However, Sarkozy has made his move in accordance with his well-known foreign policy axiom that one should not wait and see what Americans do on all issues before shaping one’s own policy.

Sarkozy believes that one should always take into account the fact that US foreign policy is often determined by narrow and partisan considerations of domestic politics. What looks like fickleness from the outside is a natural attribute of a political system in which a leader must always keep an eye on Peoria.

Thus, Obama may be ready to feed Iraq to the dogs if that helps him get re-elected. On the other hand he may out-Bush George W Bush in his commitment to the new Iraqi system if Iraq begins to look like a strategic American success.

Throughout his short visit to Baghdad, Sarkozy was anxious to speak on behalf of the European Union as a whole. The subtext was that if the Americans decide to quit, Iraq would not be left with the sole choice of becoming a protégé of the Khomeinist regime in Tehran. The European Union, backed by a powerful coalition of moderate Arab states plus Turkey, would be in a position offer new Iraq an alternative source of support.

The emergence of a new Iraq at peace with its neighbours is a major event in the region’s history. For almost half a century Iraq posed an ideological and military threat to the neighbourhood. The Baathist regime in Baghdad was responsible for a long low intensity conflict with its ideological siblings in Syria. It also provoked two wars with Iran, one between 1971and 1975, and the second between 1980 and 1988. It used a variety of means to interfere in Jordan’s domestic politics, armed and protected terrorists operating against Turkey, and in 1990 invaded and briefly annexed Kuwait.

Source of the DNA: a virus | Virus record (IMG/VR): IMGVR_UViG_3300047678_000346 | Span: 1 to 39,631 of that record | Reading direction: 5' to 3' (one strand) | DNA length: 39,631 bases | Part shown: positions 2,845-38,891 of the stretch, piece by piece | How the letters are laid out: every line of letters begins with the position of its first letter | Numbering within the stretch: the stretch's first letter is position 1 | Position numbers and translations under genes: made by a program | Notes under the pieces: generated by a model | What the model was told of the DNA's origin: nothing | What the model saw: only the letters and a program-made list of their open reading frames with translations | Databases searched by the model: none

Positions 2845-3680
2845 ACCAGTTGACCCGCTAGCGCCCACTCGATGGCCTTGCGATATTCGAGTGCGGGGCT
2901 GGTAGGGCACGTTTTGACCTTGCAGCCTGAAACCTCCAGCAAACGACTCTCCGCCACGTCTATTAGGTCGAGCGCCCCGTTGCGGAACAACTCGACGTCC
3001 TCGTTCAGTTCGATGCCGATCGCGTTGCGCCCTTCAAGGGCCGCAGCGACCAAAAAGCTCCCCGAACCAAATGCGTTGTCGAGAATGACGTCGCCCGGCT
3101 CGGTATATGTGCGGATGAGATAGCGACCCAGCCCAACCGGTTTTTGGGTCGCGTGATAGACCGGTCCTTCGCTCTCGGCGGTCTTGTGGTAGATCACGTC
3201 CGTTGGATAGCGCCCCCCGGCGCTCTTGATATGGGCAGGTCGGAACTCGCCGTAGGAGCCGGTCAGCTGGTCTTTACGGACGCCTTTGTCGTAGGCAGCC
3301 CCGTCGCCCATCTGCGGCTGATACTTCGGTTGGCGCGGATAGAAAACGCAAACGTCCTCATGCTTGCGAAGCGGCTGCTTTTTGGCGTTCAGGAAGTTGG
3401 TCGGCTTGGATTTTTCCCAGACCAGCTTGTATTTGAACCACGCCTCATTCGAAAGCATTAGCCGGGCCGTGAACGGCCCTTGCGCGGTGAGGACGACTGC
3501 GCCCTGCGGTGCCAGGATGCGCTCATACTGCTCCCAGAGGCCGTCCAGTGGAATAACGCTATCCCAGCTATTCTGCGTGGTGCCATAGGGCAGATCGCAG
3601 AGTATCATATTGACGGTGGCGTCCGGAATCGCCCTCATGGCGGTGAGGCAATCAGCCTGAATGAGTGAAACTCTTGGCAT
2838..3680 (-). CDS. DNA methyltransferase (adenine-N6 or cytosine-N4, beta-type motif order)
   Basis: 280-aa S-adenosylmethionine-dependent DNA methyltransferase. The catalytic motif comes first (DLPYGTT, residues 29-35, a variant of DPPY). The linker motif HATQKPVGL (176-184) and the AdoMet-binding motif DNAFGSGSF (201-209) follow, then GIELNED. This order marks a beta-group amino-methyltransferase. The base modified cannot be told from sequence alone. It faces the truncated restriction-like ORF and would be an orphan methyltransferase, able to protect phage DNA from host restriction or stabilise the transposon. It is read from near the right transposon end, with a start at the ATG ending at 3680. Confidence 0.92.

Closing that chapter of Iraq’s history is a priceless achievement that should not be thrown away because of short-term political considerations.

New Iraq remains a process of development, not a finished product. Hegel would have called it a “becoming” s opposed to a “being.” However, to understand it, welcome it, and help it establish itself is in everyone’s best interest, except, of course, those who thrive on crisis and conflict.

Sarkozy is right in pointing out that helping new Iraq must become a strategic aim of the European Union in the Middle East. The moderate Arab states that Sarkozy visited after his historic stopover in Baghdad have an even greater interest in helping new Iraq’s return to the regional mainstream.

Amir Taheri

Amir Taheri

Amir Taheri was the executive editor-in-chief of the daily Kayhan in Iran from 1972 to 1979. He has worked at or written for innumerable publications, published eleven books, and has been a columnist for Asharq Al-Awsat since 1987. Mr. Taheri has won several prizes for his journalism, and in 2012 was named International Journalist of the Year by the British Society of Editors and the Foreign Press Association in the annual British Media Awards.